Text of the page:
Familiar pitfalls, but worthwhile nonetheless.
My Hero Academia has made a name for itself within the shonen genre--the young adult focused anime and manga which tend to have lots of action--cementing itself as one of the top shonen manga and anime resonating with both Eastern and Western audiences. So, it’s about time that My Hero would get the feature film treatment. Most of the film takes place in between Seasons 2 and 3 of the anime, while the U.A. students are on Summer Break. While it offers a fun adventure, ultimately it suffers from the same issue as many anime films based on an ongoing shonen property: The characters aren’t allowed to grow, the story is self-contained and never expands on the full narrative of the show, and it all ends up feeling like an expanded filler episode of the show.
My Hero focuses on the hero-in-training Izuku Midoriya, whose dream is to grow up and be just like the hero he idolizes, All Might. However, at a young age, Midoriya discovers he lacks any "quirks," My Hero’s term for superhero powers, and thus his dream is dashed. That is, however, until on a chance encounter with All Might, the hero passes his powers along to Midoriya, and Midoriya is given the opportunity to enroll at the elite hero training high school, U.A. The show then follows him and his classmates as they train their skills to enter into the professional world of heroes.
The film starts strong, showing a flashback to All Might’s past, which, while well known to heroes of My Hero’s Universe, is almost entirely unknown to the audience. Here we see him working side-by-side with the American student and scientist David Shield, as All Might is studying as an exchange student in California. In fact, it’s the same sequence we saw teased at the beginning of Episode 58 of Season 3, when the U.A. teachers catch a special about All Might’s “Young Age Period” on TV.
It’s also worth noting that -- thanks to a translated interview from “Toho Cinema T. Magazine” by twitter user @aitaikimochii -- My Hero creator Kohei Horikoshi has confirmed that this is all canon, stating he always wanted to include a chapter about All Might’s past, but wasn’t sure how to bring it up in the Manga, and this was the perfect opportunity to showcase it.
After this intro, the film returns to the present day immediately after the end of Episode 58, with All Might dragging Midoriya to I-Island, a mobile man-made island where the world’s best scientists develop life-changing products. Unlike mainland Japan, here people are freely allowed to use their quirks in public without any type of license.
Midoriya and All Might meet up with David Shield and his daughter, Melissa, who just like Midoriya was born quirkless. Of course, somehow all of Midoriya’s U.A. classmates make it there as well, and the group enjoys the delights of the island until villains inevitably appear.
It’s during this portion the film falls into a classic trap shonen films tend to have. Because the film is set in between Seasons 2 and 3, as an audience member I already know nothing is allowed to happen. None of the characters will have any true character development throughout the 96 minute run, nothing a character gains will last, and no major story elements can possibly take place. There were certain important items the characters received in the movie that I immediately knew would somehow have to disappear by the end, as they don’t show up in Season 3. Sadly, this ends up making the movie predictable.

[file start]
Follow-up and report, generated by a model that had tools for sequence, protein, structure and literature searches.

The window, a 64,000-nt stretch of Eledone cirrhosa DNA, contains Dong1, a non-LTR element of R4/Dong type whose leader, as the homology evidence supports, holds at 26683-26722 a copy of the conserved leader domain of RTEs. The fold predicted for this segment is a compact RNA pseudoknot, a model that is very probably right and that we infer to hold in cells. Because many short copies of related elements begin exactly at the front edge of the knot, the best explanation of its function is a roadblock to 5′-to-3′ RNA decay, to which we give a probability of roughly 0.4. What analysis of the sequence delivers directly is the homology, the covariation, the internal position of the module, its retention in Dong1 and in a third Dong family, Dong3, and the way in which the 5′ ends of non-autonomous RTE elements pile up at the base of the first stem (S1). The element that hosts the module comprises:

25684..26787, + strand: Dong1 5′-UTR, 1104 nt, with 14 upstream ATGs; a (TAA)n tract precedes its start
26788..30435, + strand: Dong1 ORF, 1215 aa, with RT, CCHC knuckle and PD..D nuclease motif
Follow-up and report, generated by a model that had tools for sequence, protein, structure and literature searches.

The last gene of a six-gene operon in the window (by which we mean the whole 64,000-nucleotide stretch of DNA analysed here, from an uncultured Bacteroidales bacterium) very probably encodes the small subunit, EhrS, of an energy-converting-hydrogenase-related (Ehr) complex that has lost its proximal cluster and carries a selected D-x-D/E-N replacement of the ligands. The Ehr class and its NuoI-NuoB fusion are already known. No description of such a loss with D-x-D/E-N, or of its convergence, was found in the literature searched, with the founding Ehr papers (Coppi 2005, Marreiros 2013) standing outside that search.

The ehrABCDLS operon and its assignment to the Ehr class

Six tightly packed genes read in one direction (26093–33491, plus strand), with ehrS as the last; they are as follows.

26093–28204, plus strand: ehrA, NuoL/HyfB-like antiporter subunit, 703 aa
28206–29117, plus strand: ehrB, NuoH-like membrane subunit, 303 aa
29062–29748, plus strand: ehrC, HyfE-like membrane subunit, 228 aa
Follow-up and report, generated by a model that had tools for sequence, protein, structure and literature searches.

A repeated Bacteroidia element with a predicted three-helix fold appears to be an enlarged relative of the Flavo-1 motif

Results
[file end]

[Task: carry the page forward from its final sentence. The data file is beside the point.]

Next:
What you end up with feels like a 96 minute long filler episode. That’s not to say the film is bad--the story is still by Kohei Horikoshi, and it's written by Yosuke Kuroda, who’s the writer of the anime adaptation. But in some ways it feels more like a generic template for a story than one that's been fleshed out with nuance and details. The show normally charges forward with constant surprises and major character defining moments, but every character in the movie acts exactly as you would expect them to.
Two Heroes is a missed opportunity. It could have been used to showcase All Might’s past, or even some of the other major heroes such as Endeavor or Midnight during their glory days. I would love to have seen what the world looked like when All For One was fully at power, and the kind of crimes the heroes had to stop.
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But these are still fun characters to spend time with. So while I can complain about the lack of character growth, or how meaningless the adventure might feel in the grand scheme of the show, it’s still a chance to spend more time with Midoriya, Bakugo, and the crew--and that’s always a plus. Both David and Melissa Shield are likable new characters whose motivations we can quickly understand and empathize with. In fact, I would love to see them introduced into the show and manga at some point. We also get a few more moments from my boy Denki Kaminari. He’s not the most popular character, but I’ll take what I can get.
All of this culminates in a series of spectacular battles with the finale in particular showcasing a top-notch use of colors and animation techniques to create incredibly fluid action set pieces. While the animation is generally on par with the show, that’s certainly not a bad thing, and all of the battles are an absolute blast to watch.
While My Hero Academia: Two Heroes may not hit "Plus Ultra" levels of excitement, and it never matches the highest moments of the show, if you’re looking for a fun extra dose of My Hero, Two Heroes is certain to satisfy that craving.
|The Good||The Bad|
|Animation and action are on par with the show||No major character moments or important story elements|
|Most of your favorite characters are back||Character writing feels like it was lifted from a template|
|The new characters are likable and well developed||The story is predictable|
|It’s more My Hero||Feels like a long filler episode from the show|